I've started asking myself, "What do I want to get out of this X?" Where X could be the day, the week, the month, the quarter. Let me share a couple of things I hope to get out of this week:

  • Working on my novel
  • Gaming with friends done 2/01
  • A crafternoon done 2/01
  • Working on my Pico-8 game
  • Visiting the Ninja Academy done 7/01
  • Visiting a shooting range (or at least finding a good one to check out)

What do you want to get out of this week/this month/this year? Find me on social media and let's chat about it.

Changing and learning and Christmas

Year's end approaches, and I don't feel like the calendar brings a fresh start this time around. I suppose it's because the last 12 months have been full of fresh starts. So 2016 must be about continuing, learning, experimenting, getting used to life as it is now.

I pushed very hard for the first three months of freelancing, and now in Month Four, I'm in a good place. I like my clients, I'm interested in my work, I reckon I can ease off the accelerator and try a few things out. I don't want to call this a groove, because a groove so easily becomes a rut when you're not looking. This is a pit stop.

What I'm excited to try over the next few months:

Finishing my manuscript. Forget the thrill of completing a first draft - that's so three weeks ago. Now, it's like someone gave me a new toy for Christmas. One I can fiddle with until it becomes something another person can read without vomiting. It's nice to not be starting from scratch. Even though my first draft is a pile of poo, I am still one first draft ahead of where I would otherwise be. Yay!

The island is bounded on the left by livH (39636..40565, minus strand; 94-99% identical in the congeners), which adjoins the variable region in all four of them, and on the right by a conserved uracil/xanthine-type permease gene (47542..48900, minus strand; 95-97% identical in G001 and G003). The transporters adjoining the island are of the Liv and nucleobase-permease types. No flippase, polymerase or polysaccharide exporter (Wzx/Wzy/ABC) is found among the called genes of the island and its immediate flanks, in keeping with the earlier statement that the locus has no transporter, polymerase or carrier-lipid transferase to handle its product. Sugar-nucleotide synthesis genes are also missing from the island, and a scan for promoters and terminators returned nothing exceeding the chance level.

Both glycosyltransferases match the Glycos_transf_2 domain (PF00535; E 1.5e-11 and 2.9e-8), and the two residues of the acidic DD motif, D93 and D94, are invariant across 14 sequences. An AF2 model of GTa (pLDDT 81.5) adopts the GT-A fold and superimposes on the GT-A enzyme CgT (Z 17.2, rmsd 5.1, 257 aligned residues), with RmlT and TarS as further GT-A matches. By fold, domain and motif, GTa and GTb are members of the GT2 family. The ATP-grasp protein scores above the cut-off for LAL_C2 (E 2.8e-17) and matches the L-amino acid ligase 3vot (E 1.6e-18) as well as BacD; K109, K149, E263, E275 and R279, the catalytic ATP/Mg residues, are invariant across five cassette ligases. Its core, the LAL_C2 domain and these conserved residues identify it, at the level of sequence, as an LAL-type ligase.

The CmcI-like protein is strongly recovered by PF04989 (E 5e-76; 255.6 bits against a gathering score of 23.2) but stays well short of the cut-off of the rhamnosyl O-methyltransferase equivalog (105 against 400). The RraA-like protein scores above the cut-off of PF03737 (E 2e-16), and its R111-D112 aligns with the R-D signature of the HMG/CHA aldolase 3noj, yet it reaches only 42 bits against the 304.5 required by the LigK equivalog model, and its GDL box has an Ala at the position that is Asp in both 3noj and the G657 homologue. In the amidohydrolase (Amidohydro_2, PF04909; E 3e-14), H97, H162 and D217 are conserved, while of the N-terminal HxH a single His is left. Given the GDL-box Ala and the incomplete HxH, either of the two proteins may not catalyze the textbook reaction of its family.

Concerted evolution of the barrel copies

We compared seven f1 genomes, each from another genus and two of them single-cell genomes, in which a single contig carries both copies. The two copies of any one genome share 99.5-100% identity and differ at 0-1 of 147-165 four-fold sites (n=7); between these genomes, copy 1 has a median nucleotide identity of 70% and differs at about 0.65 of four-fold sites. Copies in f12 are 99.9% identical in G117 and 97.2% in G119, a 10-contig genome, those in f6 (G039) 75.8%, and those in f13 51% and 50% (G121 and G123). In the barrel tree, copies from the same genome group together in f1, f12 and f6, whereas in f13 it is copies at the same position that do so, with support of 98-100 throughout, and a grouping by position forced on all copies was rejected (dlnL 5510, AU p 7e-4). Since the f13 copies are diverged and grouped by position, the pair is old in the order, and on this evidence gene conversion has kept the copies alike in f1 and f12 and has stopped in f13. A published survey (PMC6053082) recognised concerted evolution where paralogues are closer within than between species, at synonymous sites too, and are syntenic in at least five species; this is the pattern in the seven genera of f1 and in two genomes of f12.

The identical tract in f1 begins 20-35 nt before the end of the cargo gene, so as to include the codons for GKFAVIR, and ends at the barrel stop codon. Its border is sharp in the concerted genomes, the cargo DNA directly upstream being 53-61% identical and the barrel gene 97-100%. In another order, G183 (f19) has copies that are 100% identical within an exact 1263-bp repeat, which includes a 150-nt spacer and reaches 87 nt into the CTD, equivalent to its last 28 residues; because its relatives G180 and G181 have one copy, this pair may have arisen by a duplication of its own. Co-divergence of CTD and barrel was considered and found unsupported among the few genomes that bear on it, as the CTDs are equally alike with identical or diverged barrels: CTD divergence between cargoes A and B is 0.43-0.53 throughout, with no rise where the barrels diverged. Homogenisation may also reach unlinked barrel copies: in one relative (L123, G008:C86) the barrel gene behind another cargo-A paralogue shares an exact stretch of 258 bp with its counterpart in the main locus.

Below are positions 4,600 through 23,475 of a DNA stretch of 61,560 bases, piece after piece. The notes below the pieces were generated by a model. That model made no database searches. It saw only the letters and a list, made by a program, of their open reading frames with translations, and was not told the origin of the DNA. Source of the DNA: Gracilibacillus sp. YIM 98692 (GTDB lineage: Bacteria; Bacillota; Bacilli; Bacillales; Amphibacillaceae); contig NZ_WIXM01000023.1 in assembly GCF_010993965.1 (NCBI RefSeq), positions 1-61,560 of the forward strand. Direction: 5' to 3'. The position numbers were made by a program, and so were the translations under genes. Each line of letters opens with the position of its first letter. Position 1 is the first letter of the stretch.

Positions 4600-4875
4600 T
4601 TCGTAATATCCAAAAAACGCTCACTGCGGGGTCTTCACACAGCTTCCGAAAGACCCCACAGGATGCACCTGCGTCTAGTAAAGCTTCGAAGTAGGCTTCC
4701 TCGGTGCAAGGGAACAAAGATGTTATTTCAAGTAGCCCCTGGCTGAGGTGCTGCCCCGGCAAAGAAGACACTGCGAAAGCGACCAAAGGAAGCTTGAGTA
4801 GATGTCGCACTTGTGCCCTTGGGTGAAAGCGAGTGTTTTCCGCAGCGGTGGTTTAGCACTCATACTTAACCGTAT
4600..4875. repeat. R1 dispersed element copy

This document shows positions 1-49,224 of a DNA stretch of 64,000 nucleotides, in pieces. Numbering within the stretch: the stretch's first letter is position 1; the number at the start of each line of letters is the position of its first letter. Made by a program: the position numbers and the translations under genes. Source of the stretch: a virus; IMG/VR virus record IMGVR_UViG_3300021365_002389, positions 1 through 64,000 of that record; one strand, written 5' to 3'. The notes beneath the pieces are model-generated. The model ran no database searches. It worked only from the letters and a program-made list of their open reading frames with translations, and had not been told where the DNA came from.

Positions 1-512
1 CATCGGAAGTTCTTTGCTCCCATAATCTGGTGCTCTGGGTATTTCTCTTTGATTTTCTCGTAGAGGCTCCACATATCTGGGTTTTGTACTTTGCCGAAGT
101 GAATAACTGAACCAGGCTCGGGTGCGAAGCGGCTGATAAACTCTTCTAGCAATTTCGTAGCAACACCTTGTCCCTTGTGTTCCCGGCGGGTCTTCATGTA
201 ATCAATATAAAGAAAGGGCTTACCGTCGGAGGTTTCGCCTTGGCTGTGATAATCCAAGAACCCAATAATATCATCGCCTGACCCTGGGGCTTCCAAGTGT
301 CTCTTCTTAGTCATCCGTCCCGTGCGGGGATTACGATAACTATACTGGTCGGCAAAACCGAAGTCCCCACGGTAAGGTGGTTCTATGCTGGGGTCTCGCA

Making a product. I spent the last 6 months in prototyping and testing (ie. ruminating over a test piece). Then my prototype failed. Then I found a better way to go about the production. And now I'm waiting on materials so I can make a batch. I'm spending a lot of spoons on the freelance writing side of my life right now, but nowhere near as many spoons as when I was still working an office job. So, hopefully the new materials are legit, and this thing can finally be done.

Trying fermenting and pickling. Since I can't keep furry and feathered livestock yet, I shall start with microscopic ones. A friend gave me a glossy wipe-clean booklet on fermentation, and offered one of her Herman babies when he's ready. That plus a kombucha SCOBY, kefir from Mum, and whatever vinegar mothers I find in our pantry should jumpstart a nice bubbling, smelly kitchen.